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    having english names of different, originally french characters' names different from those I know from reading all volumes in german, is a challenge. this proves very helpful.
    – dlatikay
    Commented Jun 15, 2020 at 17:24
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    To add a better source than Wikipedia, Nobel Prize winner Frédéric Mistral wrote, in Mémoires et récits, "Chanter fait pleuvoir, disaient nos pères": Singing causes rain, our fathers use to say. (gallica.bnf.fr/ark:/12148/bpt6k1022795/f60.image)
    – Maxime
    Commented Jun 15, 2020 at 18:55

According to the Wikipedia section on Cacofonix:

In later albums his music is so spectacularly horrible that it actually starts thunderstorms (even indoors), because of an old French saying that bad singing causes rain.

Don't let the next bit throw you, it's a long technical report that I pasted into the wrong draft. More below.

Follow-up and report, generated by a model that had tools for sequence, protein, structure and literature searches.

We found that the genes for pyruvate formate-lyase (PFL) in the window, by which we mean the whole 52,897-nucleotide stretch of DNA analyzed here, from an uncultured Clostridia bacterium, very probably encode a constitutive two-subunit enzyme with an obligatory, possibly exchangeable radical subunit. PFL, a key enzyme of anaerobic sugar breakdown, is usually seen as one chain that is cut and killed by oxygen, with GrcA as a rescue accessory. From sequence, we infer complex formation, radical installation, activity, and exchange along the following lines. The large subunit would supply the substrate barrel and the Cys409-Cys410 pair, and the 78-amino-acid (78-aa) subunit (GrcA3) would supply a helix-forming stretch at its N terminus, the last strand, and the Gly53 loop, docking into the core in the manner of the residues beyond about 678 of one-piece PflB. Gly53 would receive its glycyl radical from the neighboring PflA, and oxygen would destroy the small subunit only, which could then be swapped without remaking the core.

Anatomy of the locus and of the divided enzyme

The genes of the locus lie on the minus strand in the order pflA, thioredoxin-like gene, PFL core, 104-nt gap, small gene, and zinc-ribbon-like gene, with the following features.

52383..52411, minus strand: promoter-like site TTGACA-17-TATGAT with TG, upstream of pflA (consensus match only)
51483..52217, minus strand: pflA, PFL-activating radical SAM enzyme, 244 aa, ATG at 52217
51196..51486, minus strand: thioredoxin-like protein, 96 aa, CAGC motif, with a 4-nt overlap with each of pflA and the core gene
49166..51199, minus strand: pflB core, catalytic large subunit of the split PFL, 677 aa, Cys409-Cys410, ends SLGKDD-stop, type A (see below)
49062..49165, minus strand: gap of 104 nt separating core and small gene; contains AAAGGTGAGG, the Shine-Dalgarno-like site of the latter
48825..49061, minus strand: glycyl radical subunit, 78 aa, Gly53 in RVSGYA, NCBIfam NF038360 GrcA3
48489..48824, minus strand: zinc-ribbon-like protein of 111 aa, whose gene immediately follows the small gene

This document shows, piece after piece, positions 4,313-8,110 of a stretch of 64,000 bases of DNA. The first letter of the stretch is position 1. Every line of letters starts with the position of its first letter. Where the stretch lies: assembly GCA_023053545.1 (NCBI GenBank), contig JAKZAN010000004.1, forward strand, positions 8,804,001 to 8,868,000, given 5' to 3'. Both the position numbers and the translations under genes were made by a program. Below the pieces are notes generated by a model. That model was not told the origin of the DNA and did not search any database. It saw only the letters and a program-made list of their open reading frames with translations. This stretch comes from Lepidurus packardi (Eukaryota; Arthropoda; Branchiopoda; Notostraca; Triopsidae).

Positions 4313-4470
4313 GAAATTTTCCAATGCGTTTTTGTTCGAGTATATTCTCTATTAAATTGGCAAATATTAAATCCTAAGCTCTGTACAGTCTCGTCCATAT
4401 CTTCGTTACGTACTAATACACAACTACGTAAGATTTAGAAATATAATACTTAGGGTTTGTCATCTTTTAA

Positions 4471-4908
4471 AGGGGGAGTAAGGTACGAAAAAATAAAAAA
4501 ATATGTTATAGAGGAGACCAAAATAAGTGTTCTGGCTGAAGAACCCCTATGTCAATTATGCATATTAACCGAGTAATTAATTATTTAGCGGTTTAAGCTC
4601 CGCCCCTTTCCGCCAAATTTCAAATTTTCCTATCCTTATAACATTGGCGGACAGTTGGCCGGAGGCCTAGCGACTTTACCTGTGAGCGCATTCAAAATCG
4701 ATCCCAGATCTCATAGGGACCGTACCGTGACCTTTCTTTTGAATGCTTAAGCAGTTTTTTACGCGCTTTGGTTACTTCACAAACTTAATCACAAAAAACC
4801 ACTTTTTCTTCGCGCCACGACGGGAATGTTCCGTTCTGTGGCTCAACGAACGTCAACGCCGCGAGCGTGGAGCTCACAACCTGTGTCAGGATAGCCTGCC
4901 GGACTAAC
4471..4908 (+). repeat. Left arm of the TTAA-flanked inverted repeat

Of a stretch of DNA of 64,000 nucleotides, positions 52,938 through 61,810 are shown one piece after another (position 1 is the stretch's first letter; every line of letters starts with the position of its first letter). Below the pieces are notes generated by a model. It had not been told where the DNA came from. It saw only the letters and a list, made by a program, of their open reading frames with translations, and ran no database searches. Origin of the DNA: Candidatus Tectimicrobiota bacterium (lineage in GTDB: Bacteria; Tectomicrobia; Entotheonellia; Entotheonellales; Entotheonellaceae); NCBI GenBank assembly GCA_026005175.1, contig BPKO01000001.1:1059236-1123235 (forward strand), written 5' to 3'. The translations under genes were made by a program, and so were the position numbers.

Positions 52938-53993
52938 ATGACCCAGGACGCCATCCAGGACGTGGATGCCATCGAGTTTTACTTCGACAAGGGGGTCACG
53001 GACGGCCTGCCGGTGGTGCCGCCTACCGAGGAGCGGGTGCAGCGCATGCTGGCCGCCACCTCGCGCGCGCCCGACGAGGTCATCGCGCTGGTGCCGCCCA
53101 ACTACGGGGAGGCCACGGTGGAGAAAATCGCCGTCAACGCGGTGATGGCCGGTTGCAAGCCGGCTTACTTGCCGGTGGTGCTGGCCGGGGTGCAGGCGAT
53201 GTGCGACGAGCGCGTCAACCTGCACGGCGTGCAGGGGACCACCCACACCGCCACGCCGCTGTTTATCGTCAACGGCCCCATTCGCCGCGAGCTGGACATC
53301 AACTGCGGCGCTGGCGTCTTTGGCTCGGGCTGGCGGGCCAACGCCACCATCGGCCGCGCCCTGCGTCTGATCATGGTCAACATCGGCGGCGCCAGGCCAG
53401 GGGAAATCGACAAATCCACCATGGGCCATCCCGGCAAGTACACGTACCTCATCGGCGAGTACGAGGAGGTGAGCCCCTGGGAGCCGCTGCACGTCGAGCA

A French person reading the comics would automatically get the reference, and thus it isn't stated.

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    The trope that bad singing causes rain is also known in Spain.
    – SJuan76
    Commented Jun 15, 2020 at 23:28
  • It is also known in some Asian countries: thelogictruth1.blogspot.com.
    – sergut
    Commented Aug 12, 2020 at 15:51

On page 6 of Asterix and the Magic Carpet (in-panel numbering), Vitalstatistix says regarding Cacofonix’ rainmaking abilities:

Oh, yes … I was forgetting, Cacofonix has new string to his lyre these days.

As noted by Darren, this is probably a pun involving adding a string to one’s bow, which analogously works with avoir plus d’une corde à son arc in the French original.